Rapid sand filter
The rapid sand filter or rapid gravity filter is a type of filter used in water purification and is commonly used in municipal drinking water facilities as part of a multiple-stage treatment system.
Rapid sand filters were first developed in the 1890s, and improved designs were developed by the 1920s. The first modern rapid sand filtration plant was designed and built by George W. Fuller in Little Falls, New Jersey. Rapid sand filters were widely used in large municipal water systems by the 1920s, because they required smaller land areas compared to slow sand filters.
Design and operationEdit
Rapid sand filters are typically designed as part of multi-stage treatment systems used by large municipalities. These systems are complex and expensive to operate and maintain, and therefore less suitable for small communities and developing nations. The filtration system requires a relatively small land area in proportion to the population served, and the design is less sensitive to changes in raw water quality, e.g. turbidity, than slow sand filters.
Rapid sand filters use relatively coarse sand and other granular media to remove particles and impurities that have been trapped in a floc through the use of flocculation chemicals—typically alum. The unfiltered water flows through the filter medium under gravity or under pumped pressure and the floc material is trapped in the sand matrix.
Mixing, flocculation and sedimentation processes are typical treatment stages that precede filtration. Chemical additives, such as coagulants, are often used in conjunction with the filtration system.:7–9
The two types of rapid sand filter are the gravity type (e.g. Paterson's filter) and pressure type (e.g. Candy's filter).
A disinfection system (typically using chlorine or ozone) is commonly used following filtration.:9–11 Rapid sand filtration has very little effect on taste and smell and dissolved impurities of drinking water, unless activated carbon is included in the filter medium.
Rapid sand filters must be cleaned frequently, often several times a day, by backwashing, which involves reversing the direction of the water and adding compressed air. During backwashing, the bed is fluidized and care must be taken not to wash away the media.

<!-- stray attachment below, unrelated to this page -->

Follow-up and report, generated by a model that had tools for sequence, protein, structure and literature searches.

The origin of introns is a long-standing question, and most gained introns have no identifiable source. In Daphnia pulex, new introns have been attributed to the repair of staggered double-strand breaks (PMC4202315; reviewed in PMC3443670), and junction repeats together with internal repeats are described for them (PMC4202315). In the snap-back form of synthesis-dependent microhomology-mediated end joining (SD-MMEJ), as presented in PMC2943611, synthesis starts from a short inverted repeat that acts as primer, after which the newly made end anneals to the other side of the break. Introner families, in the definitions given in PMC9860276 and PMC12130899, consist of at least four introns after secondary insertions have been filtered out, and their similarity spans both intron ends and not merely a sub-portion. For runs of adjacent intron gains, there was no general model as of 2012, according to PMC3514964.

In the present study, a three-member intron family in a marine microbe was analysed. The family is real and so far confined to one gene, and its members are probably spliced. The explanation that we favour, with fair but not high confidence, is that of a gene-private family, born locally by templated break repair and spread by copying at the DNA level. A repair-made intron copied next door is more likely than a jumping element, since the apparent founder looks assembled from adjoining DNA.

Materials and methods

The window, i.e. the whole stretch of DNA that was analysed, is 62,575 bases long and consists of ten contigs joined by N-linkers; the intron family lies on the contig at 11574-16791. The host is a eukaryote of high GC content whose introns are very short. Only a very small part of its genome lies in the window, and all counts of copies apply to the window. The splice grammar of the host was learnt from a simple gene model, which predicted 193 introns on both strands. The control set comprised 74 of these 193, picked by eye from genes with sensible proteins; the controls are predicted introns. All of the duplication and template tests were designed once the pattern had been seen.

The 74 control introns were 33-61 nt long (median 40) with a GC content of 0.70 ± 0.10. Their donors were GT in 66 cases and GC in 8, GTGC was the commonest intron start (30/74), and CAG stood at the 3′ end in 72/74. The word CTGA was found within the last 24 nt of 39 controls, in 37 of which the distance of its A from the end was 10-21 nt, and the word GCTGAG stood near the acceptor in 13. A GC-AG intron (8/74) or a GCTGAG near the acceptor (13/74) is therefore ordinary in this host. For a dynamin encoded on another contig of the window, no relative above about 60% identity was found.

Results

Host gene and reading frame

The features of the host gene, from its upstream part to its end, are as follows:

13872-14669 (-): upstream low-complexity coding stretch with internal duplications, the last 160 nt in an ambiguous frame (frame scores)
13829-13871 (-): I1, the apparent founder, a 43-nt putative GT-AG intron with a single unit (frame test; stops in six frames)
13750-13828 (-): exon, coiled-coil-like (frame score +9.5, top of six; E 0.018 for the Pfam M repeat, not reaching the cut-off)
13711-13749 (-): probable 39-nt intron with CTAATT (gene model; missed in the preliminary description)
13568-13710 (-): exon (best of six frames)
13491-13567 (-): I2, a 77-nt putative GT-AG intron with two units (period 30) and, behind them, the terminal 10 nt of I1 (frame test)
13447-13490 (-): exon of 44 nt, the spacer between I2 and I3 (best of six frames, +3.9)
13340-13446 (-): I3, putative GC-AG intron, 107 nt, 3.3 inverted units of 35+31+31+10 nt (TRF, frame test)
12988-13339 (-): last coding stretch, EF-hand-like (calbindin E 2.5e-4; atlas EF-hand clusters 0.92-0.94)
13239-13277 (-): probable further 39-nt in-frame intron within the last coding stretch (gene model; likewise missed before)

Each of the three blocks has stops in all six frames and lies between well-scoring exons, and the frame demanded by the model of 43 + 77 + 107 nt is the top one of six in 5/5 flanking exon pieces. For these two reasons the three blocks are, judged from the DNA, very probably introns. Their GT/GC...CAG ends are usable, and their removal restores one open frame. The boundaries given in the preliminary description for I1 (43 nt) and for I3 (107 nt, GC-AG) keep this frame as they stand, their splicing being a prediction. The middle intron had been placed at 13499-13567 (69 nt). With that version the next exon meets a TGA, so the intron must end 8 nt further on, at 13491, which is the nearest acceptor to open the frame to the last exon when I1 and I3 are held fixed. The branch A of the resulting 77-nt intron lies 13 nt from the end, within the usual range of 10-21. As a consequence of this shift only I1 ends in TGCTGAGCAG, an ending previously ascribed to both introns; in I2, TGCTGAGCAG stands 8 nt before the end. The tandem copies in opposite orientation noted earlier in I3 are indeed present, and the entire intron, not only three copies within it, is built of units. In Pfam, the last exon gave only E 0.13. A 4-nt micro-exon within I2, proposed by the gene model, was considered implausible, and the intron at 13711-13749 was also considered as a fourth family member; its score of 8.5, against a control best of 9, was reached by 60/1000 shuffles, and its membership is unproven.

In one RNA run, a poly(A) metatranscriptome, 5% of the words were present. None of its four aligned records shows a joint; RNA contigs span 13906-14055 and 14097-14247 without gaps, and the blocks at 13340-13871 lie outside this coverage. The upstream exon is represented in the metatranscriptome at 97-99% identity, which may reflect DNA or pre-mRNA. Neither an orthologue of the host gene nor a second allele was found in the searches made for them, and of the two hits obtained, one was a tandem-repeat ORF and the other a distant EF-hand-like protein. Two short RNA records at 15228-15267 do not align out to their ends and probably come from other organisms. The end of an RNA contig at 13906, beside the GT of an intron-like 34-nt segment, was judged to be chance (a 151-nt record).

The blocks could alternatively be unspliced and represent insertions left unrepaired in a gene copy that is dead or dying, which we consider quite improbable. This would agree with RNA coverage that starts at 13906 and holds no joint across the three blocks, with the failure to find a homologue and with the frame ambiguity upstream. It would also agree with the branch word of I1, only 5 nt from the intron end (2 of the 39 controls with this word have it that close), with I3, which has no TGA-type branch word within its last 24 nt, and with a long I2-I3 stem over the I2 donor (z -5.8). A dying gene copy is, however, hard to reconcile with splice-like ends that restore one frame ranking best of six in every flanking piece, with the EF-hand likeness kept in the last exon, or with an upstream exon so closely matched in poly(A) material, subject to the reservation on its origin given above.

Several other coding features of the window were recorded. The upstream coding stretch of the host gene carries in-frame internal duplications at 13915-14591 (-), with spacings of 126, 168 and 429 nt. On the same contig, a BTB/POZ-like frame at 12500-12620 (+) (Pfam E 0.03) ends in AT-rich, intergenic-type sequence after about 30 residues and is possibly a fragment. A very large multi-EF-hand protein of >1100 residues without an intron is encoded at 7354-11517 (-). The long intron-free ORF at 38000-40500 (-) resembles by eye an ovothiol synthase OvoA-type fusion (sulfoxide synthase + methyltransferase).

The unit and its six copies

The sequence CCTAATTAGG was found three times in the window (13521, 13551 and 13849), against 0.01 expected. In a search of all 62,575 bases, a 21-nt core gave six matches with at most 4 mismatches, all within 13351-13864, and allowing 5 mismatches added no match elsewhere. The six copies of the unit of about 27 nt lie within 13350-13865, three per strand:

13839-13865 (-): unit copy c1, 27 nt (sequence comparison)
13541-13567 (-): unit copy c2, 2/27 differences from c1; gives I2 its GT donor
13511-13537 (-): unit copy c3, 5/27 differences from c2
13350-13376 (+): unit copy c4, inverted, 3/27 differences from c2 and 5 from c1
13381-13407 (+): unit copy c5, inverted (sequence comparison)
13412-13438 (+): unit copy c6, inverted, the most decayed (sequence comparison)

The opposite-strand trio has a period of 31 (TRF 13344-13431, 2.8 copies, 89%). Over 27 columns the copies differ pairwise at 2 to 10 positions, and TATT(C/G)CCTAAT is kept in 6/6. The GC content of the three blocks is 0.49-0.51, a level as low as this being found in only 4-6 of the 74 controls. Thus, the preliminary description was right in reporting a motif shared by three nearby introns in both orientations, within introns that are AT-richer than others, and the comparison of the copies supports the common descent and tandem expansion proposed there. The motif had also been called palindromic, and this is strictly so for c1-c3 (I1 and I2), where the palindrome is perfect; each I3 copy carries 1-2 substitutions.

The byproduct of backwashing is sludge which is either tankered away or is run to waste if the composition is within the tolerable limits. These tanks are known as "Dirty washwater tanks".
- United States Environmental Protection Agency (EPA) (1990). Technologies for Upgrading Existing or Designing New Drinking Water Treatment Facilities (Report). Cincinnati, OH. EPA 625/4-89/023.
- Logsdon, Gary S. (2011). Water Filtration Practices. Denver, CO: American Water Works Association. pp. 1–2. ISBN 1613000847.
- Fuller, George W. (June 1903). "The Filtration Works of the East Jersey Water Company, at Little Falls, New Jersey". Transactions of the American Society of Civil Engineers. L: 394–443. Paper No. 954.
- Sedlak, David (2014). Water 4.0: The Past, Present, and Future of the World's Most Vital Resource. New Haven, CT: Yale University Press. pp. 54–55. ISBN 030019935X.
- Water Treatment (3rd ed.). Denver, CO: American Water Works Association. 2003. p. 117. ISBN 1583212302.
- Spellman, Frank R. (2008). Handbook of Water and Wastewater Treatment Plant Operations. CRC Press. ISBN 978-1-4200-7530-4.